California State Senate Leader Darrell Steinberg could have been a bit more straightforward about the cost of extending temporary sales, income and car taxes that have either expired or will expire.
There was a comedy routine by the late George Carlin delivered in the same style as his “hippy dippy weatherman” character. He portrayed a TV pitchman promoting the complete record collection of every song you have hummed since childhood.
“And what does this incredible offer cost?”
“Only twenty-five cents per pound!
In a more subdued voice he qualified, “Based on the weight, that works out to be $150,000….plus shipping.”
The only problem with Steinberg’s characterization is that the Senator is not a comedian….and I hope he doesn’t try doing the weather report.
I’m surprised he didn’t include cats and dogs in the base. The cost, then, would have worked out to about two bucks each, making the deal as attractive as the popular wine sold at Trader Joe’s.
It is always important to use a relevent unit of measurement. Would it make sense to measure gasoline usage as inches per gallon?
I know of very few children who pay taxes. Most married couples file a joint return. Families and domestic partners usually pool their purchases.
The average household size in California is close to 3.7. In other words, the average cost is actually 3.7 times $260, or $962 per household, per year.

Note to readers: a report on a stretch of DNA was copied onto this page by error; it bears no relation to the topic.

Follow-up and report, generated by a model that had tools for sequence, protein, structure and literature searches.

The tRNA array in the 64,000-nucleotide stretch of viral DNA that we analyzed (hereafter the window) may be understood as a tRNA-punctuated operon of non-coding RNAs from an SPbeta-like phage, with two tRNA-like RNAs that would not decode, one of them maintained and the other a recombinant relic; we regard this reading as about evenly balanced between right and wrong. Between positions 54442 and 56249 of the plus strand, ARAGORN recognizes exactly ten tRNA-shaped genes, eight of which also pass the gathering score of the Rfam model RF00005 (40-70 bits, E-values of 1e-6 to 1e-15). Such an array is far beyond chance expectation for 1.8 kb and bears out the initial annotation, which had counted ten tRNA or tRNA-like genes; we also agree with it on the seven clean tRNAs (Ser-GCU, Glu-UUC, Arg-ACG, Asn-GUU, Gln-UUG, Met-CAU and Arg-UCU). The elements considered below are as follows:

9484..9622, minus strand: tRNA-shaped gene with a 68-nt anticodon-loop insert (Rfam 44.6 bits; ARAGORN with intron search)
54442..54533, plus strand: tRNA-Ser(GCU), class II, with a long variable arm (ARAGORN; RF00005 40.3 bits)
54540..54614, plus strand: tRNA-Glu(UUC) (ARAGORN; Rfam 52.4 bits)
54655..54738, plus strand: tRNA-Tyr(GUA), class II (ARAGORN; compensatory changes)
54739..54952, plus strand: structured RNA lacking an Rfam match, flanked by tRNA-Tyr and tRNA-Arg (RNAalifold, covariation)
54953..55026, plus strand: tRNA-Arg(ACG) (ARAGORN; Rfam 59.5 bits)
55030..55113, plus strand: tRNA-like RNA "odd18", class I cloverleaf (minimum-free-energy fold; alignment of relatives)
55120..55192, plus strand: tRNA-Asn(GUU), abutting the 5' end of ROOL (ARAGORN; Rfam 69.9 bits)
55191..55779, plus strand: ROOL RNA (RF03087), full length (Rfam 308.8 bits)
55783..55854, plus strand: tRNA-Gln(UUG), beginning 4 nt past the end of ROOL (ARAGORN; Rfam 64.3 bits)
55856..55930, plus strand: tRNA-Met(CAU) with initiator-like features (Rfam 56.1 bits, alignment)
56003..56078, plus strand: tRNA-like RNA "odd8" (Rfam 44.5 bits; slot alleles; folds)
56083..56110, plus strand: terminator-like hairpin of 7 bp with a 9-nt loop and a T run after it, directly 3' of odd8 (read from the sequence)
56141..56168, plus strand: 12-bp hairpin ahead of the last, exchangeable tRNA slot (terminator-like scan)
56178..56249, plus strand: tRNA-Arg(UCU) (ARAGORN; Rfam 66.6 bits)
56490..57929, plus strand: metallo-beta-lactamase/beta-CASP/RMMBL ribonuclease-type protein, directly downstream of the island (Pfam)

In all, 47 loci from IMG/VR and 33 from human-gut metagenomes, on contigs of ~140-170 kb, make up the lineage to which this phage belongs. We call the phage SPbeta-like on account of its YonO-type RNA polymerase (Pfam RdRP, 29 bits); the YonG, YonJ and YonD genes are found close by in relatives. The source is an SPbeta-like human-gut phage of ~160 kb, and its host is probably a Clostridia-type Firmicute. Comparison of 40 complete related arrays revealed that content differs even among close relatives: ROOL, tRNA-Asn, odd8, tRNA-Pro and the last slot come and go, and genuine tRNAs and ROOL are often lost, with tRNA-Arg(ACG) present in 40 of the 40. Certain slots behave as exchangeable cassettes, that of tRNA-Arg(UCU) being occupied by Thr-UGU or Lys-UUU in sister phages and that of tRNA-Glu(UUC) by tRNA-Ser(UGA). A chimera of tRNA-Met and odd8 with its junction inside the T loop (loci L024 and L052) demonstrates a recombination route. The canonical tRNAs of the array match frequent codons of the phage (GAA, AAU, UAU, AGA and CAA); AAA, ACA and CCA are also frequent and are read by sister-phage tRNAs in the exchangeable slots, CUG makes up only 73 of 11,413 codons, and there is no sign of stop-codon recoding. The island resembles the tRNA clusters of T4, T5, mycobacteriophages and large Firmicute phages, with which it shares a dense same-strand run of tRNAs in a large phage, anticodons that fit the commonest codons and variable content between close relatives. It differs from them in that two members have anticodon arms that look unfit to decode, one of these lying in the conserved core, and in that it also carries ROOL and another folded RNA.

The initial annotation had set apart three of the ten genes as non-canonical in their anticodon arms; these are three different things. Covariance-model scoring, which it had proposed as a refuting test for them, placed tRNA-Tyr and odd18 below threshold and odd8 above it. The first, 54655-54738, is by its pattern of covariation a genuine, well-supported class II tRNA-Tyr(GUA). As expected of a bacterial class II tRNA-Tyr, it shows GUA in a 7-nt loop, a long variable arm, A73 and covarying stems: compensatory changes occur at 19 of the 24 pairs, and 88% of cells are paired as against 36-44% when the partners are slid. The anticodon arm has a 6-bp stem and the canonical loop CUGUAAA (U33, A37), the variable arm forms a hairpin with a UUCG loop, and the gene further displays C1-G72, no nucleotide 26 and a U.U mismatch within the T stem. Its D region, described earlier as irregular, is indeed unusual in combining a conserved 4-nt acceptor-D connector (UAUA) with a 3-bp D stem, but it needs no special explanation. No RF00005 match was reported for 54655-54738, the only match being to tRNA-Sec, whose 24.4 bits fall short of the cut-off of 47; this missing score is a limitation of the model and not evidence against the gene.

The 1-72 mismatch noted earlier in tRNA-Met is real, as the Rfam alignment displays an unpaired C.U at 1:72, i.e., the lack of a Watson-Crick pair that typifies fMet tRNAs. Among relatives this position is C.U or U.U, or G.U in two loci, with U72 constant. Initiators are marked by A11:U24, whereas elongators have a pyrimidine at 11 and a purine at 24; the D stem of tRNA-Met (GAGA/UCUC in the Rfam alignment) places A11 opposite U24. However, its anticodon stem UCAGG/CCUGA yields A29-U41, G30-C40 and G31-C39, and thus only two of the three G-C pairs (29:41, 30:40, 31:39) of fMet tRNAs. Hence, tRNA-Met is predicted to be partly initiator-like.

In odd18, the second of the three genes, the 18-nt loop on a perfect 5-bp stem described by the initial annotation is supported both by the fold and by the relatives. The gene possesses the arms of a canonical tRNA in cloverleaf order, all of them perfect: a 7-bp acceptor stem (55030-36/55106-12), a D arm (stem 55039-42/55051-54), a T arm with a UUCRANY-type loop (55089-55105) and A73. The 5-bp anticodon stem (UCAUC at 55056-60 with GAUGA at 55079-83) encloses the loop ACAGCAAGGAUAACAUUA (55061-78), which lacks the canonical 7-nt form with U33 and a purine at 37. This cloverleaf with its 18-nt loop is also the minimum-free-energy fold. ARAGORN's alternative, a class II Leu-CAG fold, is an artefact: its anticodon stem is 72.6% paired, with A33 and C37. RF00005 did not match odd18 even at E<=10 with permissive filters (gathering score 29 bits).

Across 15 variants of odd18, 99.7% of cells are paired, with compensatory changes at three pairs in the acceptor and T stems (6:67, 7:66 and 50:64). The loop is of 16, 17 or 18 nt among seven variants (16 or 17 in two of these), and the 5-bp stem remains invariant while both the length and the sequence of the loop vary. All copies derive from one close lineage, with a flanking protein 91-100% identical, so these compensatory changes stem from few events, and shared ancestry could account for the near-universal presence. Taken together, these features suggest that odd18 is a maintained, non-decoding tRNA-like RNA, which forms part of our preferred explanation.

That’s nothing for some families, but would be a hardship for many, especially when you consider the regressive elements represented by the vehicle use tax and sales tax.
Having said that, I’m not opposed to a tax extension, but there must be some serious quid pro quo to win me over.
It is unfortunate that the five Republicans attempting to negotiate with the Governor are being vilified by their colleagues. They might be the only five legislators in the state with common sense. They want spending caps and pension reform in return for supporting a ballot measure on the taxes.
Permanent structural changes that wean the state from defined benefit pension plans and bargain-basement employee health care contributions represent a fair trade for a five-year tax extension.
The fact that the negotiations have yielded nothing only demonstrates the fear the Governor must have of the public unions. That’s unfortunate because I believe that Brown wouldn’t mind agreeing to major concessions if union leaders wouldn’t pounce on him if he did.
But that’s the way it is in California, but it is not a laughing matter.